Arch on a Pi

Some random notes related to Arch Linux ARM on a Raspberry Pi. Some of these notes might be turned into their own page one day.

Compiling Blender

If it's still not in the repositories, here's a way to compile latest stable Blender for RPi2 Download these two files. And change these two lines from PKGBUILD:

arch=('i686' 'x86_64')
…
  make -j4 # -j5 needs 48 GB of RAM while -j9 needs 64 GB

into

arch=('armv7h')
…
  make -j2

This will get it compiled on the Raspberry Pi 2 itself. It will take a while ( couple hours ).

Installing server

As root

pacman -Syu nginx php-fpm

Start and enable nginx and php-fpm

systemctl start nginx 
systemctl start php-fpm
systemctl enable nginx
systemctl enable php-fpm

Check if it is serving the default pages, but it should be.

Change /etc/nginx/nginx.conf

user http;

server {
        listen       80;
        
        # watch out for the root location here, must be accessible from the user http
	root /srv/http; 

        location / {
            # add index.php to this line
            index  index.html index.htm index.php;
        }

        # pass the PHP scripts to FastCGI server listening on php-fpm.sock
        location ~ \.php$ {
            fastcgi_pass   unix:/run/php-fpm/php-fpm.sock; 
            fastcgi_index  index.php;
            include        fastcgi.conf;
        }

Installing ikiwiki

Install git and dev tools.

$: sudo pacman -Syu git base-devel

Install ikiwiki from Aur package.

You'll need 2 extra dependencies from Aur:

Install those first. Compiling ikiwiki takes a while on a Raspberry Pi. Be patient.

If you want to have images handle by the wiki, you will need also Imagemagick

Although ikiwiki could be running from any server, I found it easier to run it behind Apache. So be sure to have that installed.

Create an unprivileged user (here called wiki) who will be editing the wiki:

sudo useradd -m wiki
sudo passwd wiki

Following https://www.linode.com/docs/websites/wikis/ikiwiki-on-arch-linux/

Resizing a partition

Copied from http://raspberrypi.stackexchange.com/a/501

  • sudo fdisk /dev/mmcblk0
  • Type p to list the partition table
Device         Boot  Start      End  Sectors  Size Id Type
/dev/mmcblk0p1        2048   206847   204800  100M  c W95 FAT32 (LBA)
/dev/mmcblk0p2      206848 60588031 60381184 28.8G 83 Linux
  • Take note of the start number for partition 2 (if that's the one you want to resize)
  • Type d to delete a partition.
    You will then be prompted for the number of the partition you want to delete. In the case above you want to delete partition 2.
  • Type n to create a new partition.
  • This new partition needs to be a primary partition so type p.
  • Next enter 2 when prompted for a partition number.
  • You will now be prompted for the first sector for the new partition. Enter the start number from the partition 2 you deleted before.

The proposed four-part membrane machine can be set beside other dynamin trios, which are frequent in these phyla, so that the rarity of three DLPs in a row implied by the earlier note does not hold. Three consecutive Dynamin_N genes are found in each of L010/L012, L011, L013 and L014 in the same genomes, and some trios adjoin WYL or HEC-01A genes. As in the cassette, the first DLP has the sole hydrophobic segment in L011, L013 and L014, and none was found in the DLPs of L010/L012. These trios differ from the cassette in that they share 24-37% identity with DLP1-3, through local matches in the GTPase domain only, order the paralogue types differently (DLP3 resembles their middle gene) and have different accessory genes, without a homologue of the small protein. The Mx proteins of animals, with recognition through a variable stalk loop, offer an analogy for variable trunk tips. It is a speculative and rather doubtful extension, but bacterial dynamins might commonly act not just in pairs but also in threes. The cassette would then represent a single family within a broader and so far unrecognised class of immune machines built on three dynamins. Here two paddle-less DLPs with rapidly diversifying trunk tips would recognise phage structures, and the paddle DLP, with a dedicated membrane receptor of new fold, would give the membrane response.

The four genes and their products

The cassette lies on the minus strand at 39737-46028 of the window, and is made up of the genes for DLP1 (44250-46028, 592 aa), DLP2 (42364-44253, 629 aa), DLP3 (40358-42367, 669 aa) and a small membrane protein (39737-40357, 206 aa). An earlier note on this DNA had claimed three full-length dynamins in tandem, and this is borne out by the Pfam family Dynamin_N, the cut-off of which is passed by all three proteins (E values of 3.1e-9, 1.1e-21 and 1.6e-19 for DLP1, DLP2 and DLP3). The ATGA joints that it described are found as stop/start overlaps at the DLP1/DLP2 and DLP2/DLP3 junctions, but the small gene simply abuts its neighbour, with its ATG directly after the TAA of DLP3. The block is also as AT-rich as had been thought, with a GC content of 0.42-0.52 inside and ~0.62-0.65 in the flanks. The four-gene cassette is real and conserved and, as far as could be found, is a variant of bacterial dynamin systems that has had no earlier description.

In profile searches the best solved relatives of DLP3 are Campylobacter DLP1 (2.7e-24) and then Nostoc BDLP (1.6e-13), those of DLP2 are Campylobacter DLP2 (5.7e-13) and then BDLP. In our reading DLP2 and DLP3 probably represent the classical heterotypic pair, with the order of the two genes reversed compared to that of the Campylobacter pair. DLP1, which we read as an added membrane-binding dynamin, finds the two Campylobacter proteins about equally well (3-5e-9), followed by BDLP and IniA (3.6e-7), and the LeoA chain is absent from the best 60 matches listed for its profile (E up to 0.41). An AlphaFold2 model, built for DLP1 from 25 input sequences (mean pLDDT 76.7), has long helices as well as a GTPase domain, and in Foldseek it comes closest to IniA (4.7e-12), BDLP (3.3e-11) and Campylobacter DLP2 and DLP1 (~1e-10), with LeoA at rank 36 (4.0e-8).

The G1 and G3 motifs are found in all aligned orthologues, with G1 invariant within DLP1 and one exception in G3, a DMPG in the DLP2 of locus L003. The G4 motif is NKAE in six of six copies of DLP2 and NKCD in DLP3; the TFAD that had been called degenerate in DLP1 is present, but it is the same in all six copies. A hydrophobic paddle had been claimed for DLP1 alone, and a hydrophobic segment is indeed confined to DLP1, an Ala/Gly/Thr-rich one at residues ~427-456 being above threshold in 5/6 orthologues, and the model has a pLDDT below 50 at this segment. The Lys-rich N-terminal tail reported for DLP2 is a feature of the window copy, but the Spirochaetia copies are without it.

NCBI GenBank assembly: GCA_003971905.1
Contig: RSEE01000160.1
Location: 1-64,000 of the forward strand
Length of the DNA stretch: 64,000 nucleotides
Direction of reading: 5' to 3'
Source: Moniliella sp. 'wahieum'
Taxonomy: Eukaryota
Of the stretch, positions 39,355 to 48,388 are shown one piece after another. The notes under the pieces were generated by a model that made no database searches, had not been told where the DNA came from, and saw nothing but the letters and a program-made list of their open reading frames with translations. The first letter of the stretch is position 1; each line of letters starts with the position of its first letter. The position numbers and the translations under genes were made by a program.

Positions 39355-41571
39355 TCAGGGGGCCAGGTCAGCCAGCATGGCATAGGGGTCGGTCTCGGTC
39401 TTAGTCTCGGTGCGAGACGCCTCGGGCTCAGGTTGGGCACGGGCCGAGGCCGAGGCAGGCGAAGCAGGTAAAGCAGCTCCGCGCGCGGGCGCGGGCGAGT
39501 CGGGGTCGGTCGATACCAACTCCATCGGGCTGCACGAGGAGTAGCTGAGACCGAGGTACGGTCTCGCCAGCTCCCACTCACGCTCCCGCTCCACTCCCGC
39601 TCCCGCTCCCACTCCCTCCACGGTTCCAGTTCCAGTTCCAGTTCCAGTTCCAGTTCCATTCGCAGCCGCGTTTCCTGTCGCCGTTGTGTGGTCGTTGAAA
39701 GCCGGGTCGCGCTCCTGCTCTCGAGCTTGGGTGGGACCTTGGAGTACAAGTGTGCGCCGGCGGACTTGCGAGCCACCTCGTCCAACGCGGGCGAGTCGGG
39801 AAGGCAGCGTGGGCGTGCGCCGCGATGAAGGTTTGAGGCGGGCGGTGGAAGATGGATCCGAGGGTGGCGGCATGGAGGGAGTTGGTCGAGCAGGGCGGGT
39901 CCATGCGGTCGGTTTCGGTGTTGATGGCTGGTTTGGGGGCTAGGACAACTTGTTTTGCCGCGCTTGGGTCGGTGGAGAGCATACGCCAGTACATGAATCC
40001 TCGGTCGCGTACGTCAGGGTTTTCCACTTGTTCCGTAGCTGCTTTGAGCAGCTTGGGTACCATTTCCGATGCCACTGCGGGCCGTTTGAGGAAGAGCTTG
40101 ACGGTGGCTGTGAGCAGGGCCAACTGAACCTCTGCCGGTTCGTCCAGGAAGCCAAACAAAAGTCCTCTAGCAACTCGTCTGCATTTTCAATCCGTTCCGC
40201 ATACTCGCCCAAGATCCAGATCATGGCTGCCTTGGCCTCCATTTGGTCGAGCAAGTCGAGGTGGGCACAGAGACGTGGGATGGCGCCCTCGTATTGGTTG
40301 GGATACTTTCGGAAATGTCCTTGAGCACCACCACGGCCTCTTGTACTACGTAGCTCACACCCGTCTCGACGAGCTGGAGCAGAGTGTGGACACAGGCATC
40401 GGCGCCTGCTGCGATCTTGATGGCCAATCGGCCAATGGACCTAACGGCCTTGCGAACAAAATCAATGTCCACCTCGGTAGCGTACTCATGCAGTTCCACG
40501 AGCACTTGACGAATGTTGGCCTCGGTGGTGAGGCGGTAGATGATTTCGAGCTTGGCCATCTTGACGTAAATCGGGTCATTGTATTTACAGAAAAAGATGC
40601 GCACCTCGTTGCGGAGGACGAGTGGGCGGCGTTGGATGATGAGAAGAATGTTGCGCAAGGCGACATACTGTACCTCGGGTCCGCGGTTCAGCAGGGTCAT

• Next you will be prompted for the last sector you can just hit enter to accept the default which will utilize the remaining disk space.
  • Type w to save the changes you have made. (There will be some error showing saying: “Re-reading the partition table failed.: Device or resource busy”, but no worries).
  • Reboot the Pi: sudo reboot
  • Once the system has reboot and you are back at the commandline enter: sudo resize2fs /dev/mmcblk0p2 Note: this can take a long time (epending on the card size and speed) be patient and let it finish.
  • Reboot one more time.
  • You can now verify that the system is using the full capacity of the SD Card by entering the following command: df -h

Why This Works

Actually, when we delete a partition, we don't delete data, we just delete the reference to the partition in the partition table. By creating a new partition exactly from the same spot and of the same type, we keep the data but expanded the size to the full available space of the SD card.

By resizing (which is safe to run on a mounted disk), we tell the file system to use all the space in the new partition.

Python UnicodeEncodeError horror

So your Python script works on your machine. But when you port it to a freshly installed Arch Linux Arm on a Pi, all hell breaks loose as soon as a weird character pops up. Something like this shows up:

UnicodeEncodeError: 'ascii' codec can't encode character '\xe9' in position 227: ordinal not in range(128)

Well, don't start modifying your Python code (as you said, it does not have that problem on your machine). It's because the default locale of Arch Linux is LANG-C and what you want is UTF-8 support. There is many ways to solve this, including forcing Python to use a locale different from the system. But I like to have my systems with similar settings. So just follow tutorials here.